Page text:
2013 Annual Science Report
VPL at University of Washington Reporting | SEP 2012 – AUG 2013
The Nature and Detectability of Astronomical Biosignatures
In this project VPL team members explore the nature and detectability of biosignatures, global signs of life in the atmosphere or on the surface of a planet. This year we completed comprehensive modeling work that explores the potential for non-biological generation of oxygen and ozone in early Earth-like atmospheres, which could result in a “false positives” for photosynthetic life. We also explored the detectability of molecular dimers, especially O2-O2 as potentially easier to detect biosignature gases for transit transmission observations.
We also calculated maximum methane fluxes from the geological process of serpentinization, as a potential false positive for life, and looked at the nature and detectability of non-photosynthetic pigments as potential biosignatures for life on exoplanets. We also started work to develop new, more generalized biosignatures via measurement of thermodyamic and kinetic anomalies in planetary atmospheric compositions that are associated with life. We complemented this theoretical work with field work in caves dominated by sulfur-bacteria, to understand isotopic processing of sulfur by life, as a potential biosignature for life on Mars, or for planets with sulfur-domianted biospheres.
In this task, we seek to understand the processes that lead to a biogenic gas, isotope of a gas, pigment or disequilibrium state becoming a biosignature, and explore the potential for false positives and the detectability of these signatures in realistic planetary spectra. With our new transit transmission model (Misra et al., submitted) we have shown the absorption features from the O2-O2 dimer at 1.06 and 1.27μm can be used as a biosignatures and may be detectable by JWST, even for Earth-sized transiting planets orbiting M dwarf stars (Misra et al., 2013, in press). In other biosignature research, Domagal-Goldman, Segura, Claire and Meadows completed a comprehensive study into the generation of abiotic false positives for ozone for early Earth-type planets in orbit around M dwarf stars, and explored the detectability and means to discriminate these false positives from true biosignatures (Domagal-Goldman, in prep).
Segura and colleagues calculated a possible maximum methane production for the abiotic process of serpentinization, for a planet of Earth-like composition (Guzmán-Marmolejo et al., 2013). Serpentinization is the main abiotic process that generates methane on Earth, as may be the case for potentially habitable planets around other stars. Their calculations indicate that the surface flux of methane by serpentinization may not exceed 109 molecules/cm2/s, and once released into the atmosphere, methane concentrations are maintained at less than 500 ppm for CO2-rich atmospheres.
Schwieterman and Meadows collaborated with Cockell of the UK Center for Astrobiology to explore the detectability of non-photosynthetic pigments, especially for halophiles, in an Earth-like planet’s disk-averaged spectra (Schwieterman et al., in prep). Non-photosynthetic pigments may produce alternative surface reflectance biosignatures to putative photosynthetic vegetation analogs. They used the VPL’s 3D spectral Earth model to explore the detectability of the surface biosignature produced by pigmented halophiles that are widespread on an Earth-analog planet. They found that peaks in the wavelength-dependent albedo of the pigment can be preserved in the planet spectrum after convolution with absorption and scattering effects from the atmosphere. Bright pigments would also increase the contrast of the continuum with absorption features from gases such as water vapor and oxygen, potentially increasing the detectability of these spectral features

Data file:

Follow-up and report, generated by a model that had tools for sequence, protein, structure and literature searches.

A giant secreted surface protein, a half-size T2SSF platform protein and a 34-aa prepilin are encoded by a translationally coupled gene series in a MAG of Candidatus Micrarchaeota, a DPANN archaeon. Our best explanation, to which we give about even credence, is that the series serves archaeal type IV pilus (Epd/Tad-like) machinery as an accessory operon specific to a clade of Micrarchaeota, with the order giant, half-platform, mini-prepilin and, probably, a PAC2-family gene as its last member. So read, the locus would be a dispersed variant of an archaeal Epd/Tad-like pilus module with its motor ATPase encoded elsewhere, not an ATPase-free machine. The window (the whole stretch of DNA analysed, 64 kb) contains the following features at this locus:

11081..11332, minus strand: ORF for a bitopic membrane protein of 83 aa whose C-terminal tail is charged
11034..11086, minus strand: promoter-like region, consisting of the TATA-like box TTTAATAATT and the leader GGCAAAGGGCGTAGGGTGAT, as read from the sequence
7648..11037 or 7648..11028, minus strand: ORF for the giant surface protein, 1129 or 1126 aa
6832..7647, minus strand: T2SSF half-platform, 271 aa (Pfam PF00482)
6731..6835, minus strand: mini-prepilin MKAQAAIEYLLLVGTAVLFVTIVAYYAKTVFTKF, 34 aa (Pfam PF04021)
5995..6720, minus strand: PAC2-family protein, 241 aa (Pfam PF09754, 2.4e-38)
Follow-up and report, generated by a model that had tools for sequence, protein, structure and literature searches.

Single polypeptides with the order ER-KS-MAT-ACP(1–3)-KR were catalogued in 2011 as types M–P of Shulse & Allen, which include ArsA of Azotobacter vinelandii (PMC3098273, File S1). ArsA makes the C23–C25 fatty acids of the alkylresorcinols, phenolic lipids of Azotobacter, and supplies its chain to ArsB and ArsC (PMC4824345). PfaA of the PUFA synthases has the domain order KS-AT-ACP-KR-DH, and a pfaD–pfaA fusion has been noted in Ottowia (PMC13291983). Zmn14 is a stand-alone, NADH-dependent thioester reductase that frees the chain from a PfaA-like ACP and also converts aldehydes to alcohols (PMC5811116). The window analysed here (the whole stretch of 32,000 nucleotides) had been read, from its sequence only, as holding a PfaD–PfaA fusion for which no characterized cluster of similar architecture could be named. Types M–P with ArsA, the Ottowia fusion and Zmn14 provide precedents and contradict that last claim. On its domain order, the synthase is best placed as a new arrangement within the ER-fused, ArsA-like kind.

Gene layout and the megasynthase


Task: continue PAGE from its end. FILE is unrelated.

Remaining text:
Catling, with Robinson and new graduate student Krissanson-Totton initiated a study of thermodynamic disequilibrium in planetary atmospheres. A first step in understanding physical entropy in planetary atmospheres resulted in a paper that improved our generalized understanding of the origin and maintenance of atmospheric vertical temperature and pressure structures (Robinson and Catling, 2013; see also the Climate and Evolution task report). This understanding can also be used as an initial framework to improve retrieval of exoplanetary atmospheric properties and structure.
Conrad participated in cave field work in order to look for detectable gas biosignatures proximal to fractures in the surface over the caves. The field site was in Tabasco, MX at a high sulfur cave (Cueva de Villa Luz) such as one might postulate could exist on Mars after the transition to a dry era of high sulfate deposition on the surface. Samples of the air both in and out of the cave were collected to determine whether isotopic signatures were retained in the noble gases. In addition, samples of the rocks, any water and organisms within the cave were collected to study the partitioning of sulfur and hydrogen in the gas, liquid, rock and biota. Analyses are on going in Conrad’s new state-of-the art noble gas analytical facility at NASA/GSFC.
PROJECT INVESTIGATORS:Victoria Meadows
Project InvestigatorShawn Domagal-Goldman
PROJECT MEMBERS:David Catling
RELATED OBJECTIVES:Objective 1.1
Formation and evolution of habitable planets.
Indirect and direct astronomical observations of extrasolar habitable planets.
Earth's early biosphere.
Biosignatures to be sought in nearby planetary systems